Emotional intelligence has long been touted as vital for leadership success. But research now shows emotional agility – how gracefully you navigate internal shifts – is equally crucial. Leaders who can flow between feelings not only perform better themselves but are able to lead high performing teams and model desirable behaviors.

So how does emotional agility differ from emotional intelligence? Emotional intelligence involves reading emotions in yourself and others, then using that awareness to manage behaviors and relationships empathetically. Emotional agility focuses more on how nimbly you respond to changing emotions and catch unproductive patterns before they rigidify into harmful mindsets or behaviors. Understanding what our emotions are, and what they are telling us about both ourselves and other people helps us to become better at managing ourselves and our teams.

An emotionally agile leader stays attuned to their inner experience (this is not about denying or suppressing feelings) but responds thoughtfully, not reflexively. They notice dark moods arising but don’t let those feelings ossify into cynicism. They curb initial irritation during a confrontation before it escalates, remaining solutions-focused. Emotional agility supplements self-awareness with adaptability. Susan David, author of Emotional Agility, explains that: “Labeling emotions is at the core of our ability to empathize. We know that we can be excited, anxious and frustrated all at the same time and we need to learn to be able to recognize and acknowledge that complexity in other people.”

I’ve long believed that the best way to truly understand a difficult situation or person is to take a long hard look in the mirror. As I note in my book What’s Your Catalyst: The Power of Managed Change: “Empathy requires us to control our emotions and maintain awareness of how we handle those tough moments that spark reactions from us. So grab that mirror, and ask what it sees in your heart.”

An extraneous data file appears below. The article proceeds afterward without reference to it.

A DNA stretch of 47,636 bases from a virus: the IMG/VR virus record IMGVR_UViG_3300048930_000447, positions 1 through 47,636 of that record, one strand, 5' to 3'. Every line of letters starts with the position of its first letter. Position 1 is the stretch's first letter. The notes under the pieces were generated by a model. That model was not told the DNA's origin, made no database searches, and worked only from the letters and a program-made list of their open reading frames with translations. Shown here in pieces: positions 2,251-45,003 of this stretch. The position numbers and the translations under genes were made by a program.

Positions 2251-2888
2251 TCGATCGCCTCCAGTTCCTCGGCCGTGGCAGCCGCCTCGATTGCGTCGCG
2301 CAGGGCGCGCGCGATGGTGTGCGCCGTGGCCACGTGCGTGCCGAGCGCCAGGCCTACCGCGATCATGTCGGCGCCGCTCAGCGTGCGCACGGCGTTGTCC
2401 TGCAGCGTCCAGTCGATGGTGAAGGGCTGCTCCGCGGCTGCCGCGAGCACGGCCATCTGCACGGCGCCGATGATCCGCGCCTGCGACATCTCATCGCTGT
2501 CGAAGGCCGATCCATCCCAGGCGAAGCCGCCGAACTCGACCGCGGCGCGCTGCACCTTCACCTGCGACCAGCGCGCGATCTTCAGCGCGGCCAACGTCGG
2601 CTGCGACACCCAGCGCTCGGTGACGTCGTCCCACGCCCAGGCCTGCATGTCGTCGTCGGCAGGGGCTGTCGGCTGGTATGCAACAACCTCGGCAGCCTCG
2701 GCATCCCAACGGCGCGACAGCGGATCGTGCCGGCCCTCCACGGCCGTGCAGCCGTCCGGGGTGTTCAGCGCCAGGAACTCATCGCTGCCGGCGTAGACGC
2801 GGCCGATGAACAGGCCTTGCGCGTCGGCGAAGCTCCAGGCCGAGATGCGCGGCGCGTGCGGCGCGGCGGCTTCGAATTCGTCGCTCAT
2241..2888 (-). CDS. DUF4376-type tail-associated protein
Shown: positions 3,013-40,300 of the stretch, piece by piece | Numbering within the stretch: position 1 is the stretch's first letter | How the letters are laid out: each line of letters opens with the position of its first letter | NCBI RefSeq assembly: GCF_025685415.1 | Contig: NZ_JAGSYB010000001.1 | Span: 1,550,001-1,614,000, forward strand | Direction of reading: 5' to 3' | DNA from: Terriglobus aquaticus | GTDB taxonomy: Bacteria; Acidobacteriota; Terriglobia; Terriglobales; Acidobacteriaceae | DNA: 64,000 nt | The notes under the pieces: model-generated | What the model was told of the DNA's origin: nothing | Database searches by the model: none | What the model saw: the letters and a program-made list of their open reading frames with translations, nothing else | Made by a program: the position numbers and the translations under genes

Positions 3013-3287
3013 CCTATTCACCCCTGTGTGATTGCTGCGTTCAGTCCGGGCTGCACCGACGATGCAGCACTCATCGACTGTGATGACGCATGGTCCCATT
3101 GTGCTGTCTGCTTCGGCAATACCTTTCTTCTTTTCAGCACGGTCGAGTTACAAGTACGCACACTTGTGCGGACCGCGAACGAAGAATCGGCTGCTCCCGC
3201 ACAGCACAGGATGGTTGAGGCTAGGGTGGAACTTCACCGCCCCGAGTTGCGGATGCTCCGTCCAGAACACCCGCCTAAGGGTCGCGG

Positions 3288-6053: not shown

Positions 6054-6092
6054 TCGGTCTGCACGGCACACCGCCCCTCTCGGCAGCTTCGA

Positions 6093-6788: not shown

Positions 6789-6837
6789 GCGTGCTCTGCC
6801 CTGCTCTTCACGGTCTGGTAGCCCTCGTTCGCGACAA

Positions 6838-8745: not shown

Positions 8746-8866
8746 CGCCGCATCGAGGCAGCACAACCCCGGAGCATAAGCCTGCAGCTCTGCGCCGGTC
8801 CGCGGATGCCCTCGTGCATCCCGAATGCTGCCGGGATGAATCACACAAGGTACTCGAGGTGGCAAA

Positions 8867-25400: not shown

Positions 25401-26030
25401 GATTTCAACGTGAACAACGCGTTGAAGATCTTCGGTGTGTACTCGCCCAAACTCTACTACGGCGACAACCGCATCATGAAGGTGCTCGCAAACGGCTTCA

Research shows this nimble emotional introspection offers many leadership benefits:

  • Improves decision-making. Leaders who engage their emotions without being engulfed by them make clearer judgments.
  • Aids conflict resolution. An ability to direct emotions constructively makes giving critical feedback easier and defuses tension.
  • Boosts resilience. Viewing even difficult emotions as passing mental states that don’t define you builds confidence to persist through turmoil. 
  • Enhances relationships. People gravitate toward leaders who radiate authenticity by expressing appropriate emotions for the situation.
  • Drives performance. Teams trust leaders who openly acknowledge stressors without being derailed so they can quickly refocus on priorities.


A quote about emotional agility

How can leaders strengthen their emotional agility?

Notice hooks. Catch when situations trigger unhelpful knee-jerk reactions like defensiveness or blame.

Get curious. Instead of suppressing frustration, investigate its source and how to address it. Reframing emotions makes them useful data.

Explore options. Consider how to best harness current emotions to guide your actions, rather than letting them control reactions.

Commit to change. If current patterns or mindsets constrain you, have the courage to evolve them.  

The next time challenges arise, remember emotions aren’t destiny and feelings aren’t facts. With agility, you can tap their wisdom to guide leadership presence and impact. Leaning into emotional flexibility will lift your team and organization to new heights.